• 26.
    Röhle, Theo
    Germany.
    Gamification2014In: Pop. Kultur und Kritik, ISSN 2194-6981, no 5, p. 61-64Article in journal (Other academic)
  • 27.
    Röhle, Theo
    Karlstad University, Faculty of Arts and Social Sciences (starting 2013), Department of Geography, Media and Communication (from 2013).
    Grand games of solitaire: Textuelle Ordnungen in den Digital Humanities2012In: Sortieren, Sammeln, Suchen, Spielen: Die Datenbank als mediale Praxis / [ed] Böhme, Stefan; Nohr, Rolf F.; Wiemer, Serjoscha, Münster: LIT Verlag, 2012, p. 75-95Chapter in book (Other academic)
  • 28.
    Röhle, Theo
    Germany.
    Machtkonzepte in der Suchmaschinenforschung2007In: Die Macht der Suchmaschinen. The Power of Search Engines / [ed] Machill, Marcel; Beiler, Markus, Köln: Herbert von Halem Verlag, 2007, p. 127-142Chapter in book (Other academic)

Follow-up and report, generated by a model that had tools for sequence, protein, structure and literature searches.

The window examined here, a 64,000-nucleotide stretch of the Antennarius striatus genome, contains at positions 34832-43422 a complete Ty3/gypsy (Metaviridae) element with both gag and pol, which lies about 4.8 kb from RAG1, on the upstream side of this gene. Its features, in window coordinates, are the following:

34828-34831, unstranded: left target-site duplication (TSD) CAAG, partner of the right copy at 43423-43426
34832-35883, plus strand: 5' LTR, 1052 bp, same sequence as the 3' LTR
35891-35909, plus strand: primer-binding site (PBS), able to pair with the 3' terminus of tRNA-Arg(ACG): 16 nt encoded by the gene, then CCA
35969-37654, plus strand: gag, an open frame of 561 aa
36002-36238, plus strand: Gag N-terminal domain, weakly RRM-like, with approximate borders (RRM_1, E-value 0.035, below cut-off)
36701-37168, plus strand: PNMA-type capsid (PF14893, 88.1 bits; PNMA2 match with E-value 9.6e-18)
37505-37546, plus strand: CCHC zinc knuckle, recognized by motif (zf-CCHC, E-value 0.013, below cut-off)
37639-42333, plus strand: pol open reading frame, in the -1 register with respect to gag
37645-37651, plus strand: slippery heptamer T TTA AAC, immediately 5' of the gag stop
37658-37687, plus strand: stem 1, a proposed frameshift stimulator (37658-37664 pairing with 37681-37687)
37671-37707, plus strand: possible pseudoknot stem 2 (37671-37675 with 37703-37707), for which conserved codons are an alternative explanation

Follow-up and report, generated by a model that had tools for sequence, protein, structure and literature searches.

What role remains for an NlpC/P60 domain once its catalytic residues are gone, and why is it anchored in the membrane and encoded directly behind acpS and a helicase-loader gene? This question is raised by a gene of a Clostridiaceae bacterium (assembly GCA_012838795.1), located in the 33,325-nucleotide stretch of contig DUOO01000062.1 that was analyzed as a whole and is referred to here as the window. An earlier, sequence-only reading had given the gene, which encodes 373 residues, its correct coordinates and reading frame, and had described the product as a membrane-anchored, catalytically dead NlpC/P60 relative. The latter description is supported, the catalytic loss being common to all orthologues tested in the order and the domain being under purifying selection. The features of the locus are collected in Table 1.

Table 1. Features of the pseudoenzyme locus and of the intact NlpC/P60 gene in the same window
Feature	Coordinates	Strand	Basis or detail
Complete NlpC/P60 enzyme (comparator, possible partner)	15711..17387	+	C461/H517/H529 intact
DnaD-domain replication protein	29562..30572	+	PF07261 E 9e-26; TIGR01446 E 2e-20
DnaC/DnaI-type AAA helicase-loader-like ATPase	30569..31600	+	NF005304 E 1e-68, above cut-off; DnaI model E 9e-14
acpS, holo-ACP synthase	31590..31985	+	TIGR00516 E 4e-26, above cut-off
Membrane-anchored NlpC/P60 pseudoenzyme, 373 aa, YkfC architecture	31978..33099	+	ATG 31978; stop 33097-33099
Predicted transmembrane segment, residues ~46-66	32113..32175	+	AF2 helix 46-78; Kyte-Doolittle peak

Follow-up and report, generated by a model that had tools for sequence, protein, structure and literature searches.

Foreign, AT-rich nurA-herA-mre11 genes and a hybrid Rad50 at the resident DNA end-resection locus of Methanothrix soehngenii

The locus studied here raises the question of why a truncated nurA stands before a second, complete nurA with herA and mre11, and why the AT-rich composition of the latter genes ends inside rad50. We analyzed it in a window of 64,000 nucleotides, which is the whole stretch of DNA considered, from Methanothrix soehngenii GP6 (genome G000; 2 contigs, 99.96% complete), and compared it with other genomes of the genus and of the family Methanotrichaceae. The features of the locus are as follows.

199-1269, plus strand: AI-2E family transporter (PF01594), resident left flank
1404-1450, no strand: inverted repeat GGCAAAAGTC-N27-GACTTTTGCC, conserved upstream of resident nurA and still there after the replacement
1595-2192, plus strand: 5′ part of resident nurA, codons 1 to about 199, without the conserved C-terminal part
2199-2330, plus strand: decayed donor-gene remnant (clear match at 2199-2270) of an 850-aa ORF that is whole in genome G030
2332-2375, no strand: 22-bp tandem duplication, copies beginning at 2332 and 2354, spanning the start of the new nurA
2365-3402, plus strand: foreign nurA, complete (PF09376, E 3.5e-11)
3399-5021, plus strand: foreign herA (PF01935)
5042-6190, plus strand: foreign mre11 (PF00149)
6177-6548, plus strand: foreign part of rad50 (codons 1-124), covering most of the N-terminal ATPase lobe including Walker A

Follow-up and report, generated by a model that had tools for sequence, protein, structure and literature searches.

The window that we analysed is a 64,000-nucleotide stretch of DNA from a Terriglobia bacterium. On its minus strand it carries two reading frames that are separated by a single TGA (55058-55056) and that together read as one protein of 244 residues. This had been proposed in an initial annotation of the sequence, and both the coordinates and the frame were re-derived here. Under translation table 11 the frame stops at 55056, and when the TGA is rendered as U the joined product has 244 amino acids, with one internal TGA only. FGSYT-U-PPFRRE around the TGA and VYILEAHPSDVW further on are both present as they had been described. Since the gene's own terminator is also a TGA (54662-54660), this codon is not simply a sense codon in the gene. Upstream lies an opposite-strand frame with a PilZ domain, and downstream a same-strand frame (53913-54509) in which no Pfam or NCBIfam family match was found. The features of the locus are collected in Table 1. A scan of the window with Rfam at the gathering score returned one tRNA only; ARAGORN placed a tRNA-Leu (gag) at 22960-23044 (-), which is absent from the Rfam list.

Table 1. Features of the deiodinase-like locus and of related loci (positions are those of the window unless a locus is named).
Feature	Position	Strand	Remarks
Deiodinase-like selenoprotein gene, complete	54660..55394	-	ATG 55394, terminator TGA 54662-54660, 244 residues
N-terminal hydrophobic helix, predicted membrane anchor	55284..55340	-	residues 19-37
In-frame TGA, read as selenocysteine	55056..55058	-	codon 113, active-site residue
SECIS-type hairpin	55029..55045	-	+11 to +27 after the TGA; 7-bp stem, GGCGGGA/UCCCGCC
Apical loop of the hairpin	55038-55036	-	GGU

• 29.
    Röhle, Theo
    Karlstad University, Faculty of Arts and Social Sciences (starting 2013), Department of Geography, Media and Communication (from 2013).
    Mapping Home: Modalities of the cartographic negotiation of place2019Conference paper (Refereed)
    Abstract [en]

    The presentation focuses on the role of digital cartography in negotiating the meaning of home. It is widely recognised that maps play an important role for the representation of place. It has also been argued that the advent of digital media has redistributed power relations involved in cartography, e.g. by making digital mapping tools easily accessible. As many examples have shown, the maps created with these tools can potentially challenge prevailing representations of place.